In 2020, the challenges for effective IT governance are different than at any time in the past. The rate of change of technology and threats and the shifting world of governance are particular challenges to developing and maintaining good IT culture. 

So, what is good IT culture in 2020? I’m glad you asked. 

The key issues are: 

  • A strategic, rather than technical, focus 
  • Governance: information governance; security governance; operational governance 
  • Accountability and transparency. 

Having a strategic focus 

It’s a common problem: people who are focused on the technical rather than the strategic. 

The draw to get down into the technical layer is very strong. To fix and fuss and perfect. It needs to be resisted at all times. A good illustration is the trap of falling in love with the solution, rather than keeping the problem at the centre. 

We’ve done it ourselves. There’s a great widget for Office 365. It makes the whole platform more manageable and effective for every organisation. And it’s something whose value 99% of clients will disregard. 

Keeping that strategic focus is an everyday challenge. It keeps you looking at the organisation’s broader goals and how IT supports them: 

  • What are the strategic imperatives of the organisation? 
  • What are the challenges to achieving those imperatives? 

One major challenge is ensuring that there is a clear IT roadmap that aligns the strategic focus to the operational. In turn, that roadmap should be underpinned by governance. 

Governance, governance, governance 

Governance is a set of authorisations, policies and processes to ensure that your organisation’s IT operates as it should. 

There are three aspects to governance:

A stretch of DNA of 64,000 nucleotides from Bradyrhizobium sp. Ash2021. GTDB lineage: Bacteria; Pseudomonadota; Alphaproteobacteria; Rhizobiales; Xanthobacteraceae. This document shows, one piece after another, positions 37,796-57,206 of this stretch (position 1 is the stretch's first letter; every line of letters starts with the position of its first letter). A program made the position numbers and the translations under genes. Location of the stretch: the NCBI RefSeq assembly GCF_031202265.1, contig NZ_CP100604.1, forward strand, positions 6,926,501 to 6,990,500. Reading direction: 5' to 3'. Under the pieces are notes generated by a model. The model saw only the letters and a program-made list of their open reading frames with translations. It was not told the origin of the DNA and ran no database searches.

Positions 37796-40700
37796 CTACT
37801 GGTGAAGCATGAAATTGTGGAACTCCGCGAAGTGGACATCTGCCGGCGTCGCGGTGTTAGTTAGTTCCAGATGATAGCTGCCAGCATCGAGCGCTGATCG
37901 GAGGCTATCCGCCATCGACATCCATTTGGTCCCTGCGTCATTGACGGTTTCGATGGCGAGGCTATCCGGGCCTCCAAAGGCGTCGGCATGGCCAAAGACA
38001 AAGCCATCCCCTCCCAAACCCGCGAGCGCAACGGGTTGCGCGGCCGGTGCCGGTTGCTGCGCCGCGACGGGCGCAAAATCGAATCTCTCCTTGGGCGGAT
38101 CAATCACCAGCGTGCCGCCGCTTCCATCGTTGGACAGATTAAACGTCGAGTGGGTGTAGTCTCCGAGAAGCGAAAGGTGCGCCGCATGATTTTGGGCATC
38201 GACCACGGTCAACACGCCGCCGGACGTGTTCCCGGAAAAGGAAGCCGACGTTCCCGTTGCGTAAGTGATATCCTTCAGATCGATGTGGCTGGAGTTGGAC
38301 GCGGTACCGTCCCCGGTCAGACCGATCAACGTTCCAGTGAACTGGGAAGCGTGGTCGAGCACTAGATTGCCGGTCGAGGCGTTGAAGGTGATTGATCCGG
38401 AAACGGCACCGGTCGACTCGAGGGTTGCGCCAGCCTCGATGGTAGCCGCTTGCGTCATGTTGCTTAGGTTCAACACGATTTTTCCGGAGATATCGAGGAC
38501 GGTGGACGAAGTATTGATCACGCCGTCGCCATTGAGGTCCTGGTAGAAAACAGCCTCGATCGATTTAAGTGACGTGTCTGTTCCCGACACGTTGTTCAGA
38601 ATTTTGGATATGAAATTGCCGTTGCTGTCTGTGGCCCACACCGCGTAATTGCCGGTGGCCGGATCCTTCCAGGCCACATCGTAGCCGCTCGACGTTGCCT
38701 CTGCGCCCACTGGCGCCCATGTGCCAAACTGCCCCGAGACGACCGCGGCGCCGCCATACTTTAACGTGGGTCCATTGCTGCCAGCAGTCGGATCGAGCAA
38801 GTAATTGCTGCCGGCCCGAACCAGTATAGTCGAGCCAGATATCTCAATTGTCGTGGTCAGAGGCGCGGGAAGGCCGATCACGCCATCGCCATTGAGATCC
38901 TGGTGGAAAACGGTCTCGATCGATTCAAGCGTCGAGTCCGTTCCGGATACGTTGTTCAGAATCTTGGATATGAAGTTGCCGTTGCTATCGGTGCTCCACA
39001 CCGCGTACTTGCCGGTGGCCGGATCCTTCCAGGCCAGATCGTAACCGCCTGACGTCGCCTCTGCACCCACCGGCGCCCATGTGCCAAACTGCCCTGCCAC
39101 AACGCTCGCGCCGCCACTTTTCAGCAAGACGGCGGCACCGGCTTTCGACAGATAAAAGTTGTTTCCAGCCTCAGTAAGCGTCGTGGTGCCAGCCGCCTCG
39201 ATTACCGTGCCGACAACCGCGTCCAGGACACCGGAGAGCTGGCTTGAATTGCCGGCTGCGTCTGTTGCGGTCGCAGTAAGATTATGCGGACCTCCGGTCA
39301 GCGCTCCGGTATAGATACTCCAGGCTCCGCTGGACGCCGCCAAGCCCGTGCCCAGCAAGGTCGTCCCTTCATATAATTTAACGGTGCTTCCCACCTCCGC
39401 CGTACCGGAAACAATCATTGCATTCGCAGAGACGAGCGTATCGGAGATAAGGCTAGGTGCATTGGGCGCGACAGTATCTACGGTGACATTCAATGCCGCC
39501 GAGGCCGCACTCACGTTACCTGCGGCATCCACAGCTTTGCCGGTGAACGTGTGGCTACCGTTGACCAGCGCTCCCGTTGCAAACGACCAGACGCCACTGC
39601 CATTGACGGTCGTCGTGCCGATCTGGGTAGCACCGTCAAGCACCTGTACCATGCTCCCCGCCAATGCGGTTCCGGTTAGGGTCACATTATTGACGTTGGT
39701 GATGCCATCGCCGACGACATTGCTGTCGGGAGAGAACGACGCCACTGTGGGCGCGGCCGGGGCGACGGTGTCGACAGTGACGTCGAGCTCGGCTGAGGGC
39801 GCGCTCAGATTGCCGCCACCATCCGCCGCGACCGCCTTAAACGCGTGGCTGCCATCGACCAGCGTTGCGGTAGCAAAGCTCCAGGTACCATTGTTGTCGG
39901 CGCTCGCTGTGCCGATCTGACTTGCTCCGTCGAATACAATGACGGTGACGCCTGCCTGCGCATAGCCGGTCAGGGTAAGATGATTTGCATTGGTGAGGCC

1. information,

2. security and

3. operational.

We will cover off information governance today and then next week look at security and operational governance. 

Information governance is a framework for how data is secured and handled within your organisation. Indeed, it needs to balance the security of information and its use. Information governance is not records management – at least, not in isolation. It is a coordinated approach to managing information across an organisation to support outcomes. 

The National Archives of Australia produced an excellent table that highlights why information governance is important:

Benefits of information governance  Consequences of poor information governance 

Enhances information quality and authenticity 

Data quality issues 

Improves integrity and reliability 

Unreliable information 

Improves findability and accessibility 

Information is difficult to findInformation is difficult to interpret 

Improves accountability and reduces risk 

Non-compliance with regulations and legislation Reputation damage 

Enables appropriate controls 

Security breaches 

A holistic approach for information needs that encourages opportunities and efficiencies 

Information silos, which exposes the agency to risk and limits opportunities 

Enables whole-of-government collaboration and innovation 

Difficult to implement machinery of government change and stifles whole-of-government innovation 


Next week: security governance, operational governance and the importance of accountability and transparency.
 

Until then, stay safe. 

Managed IT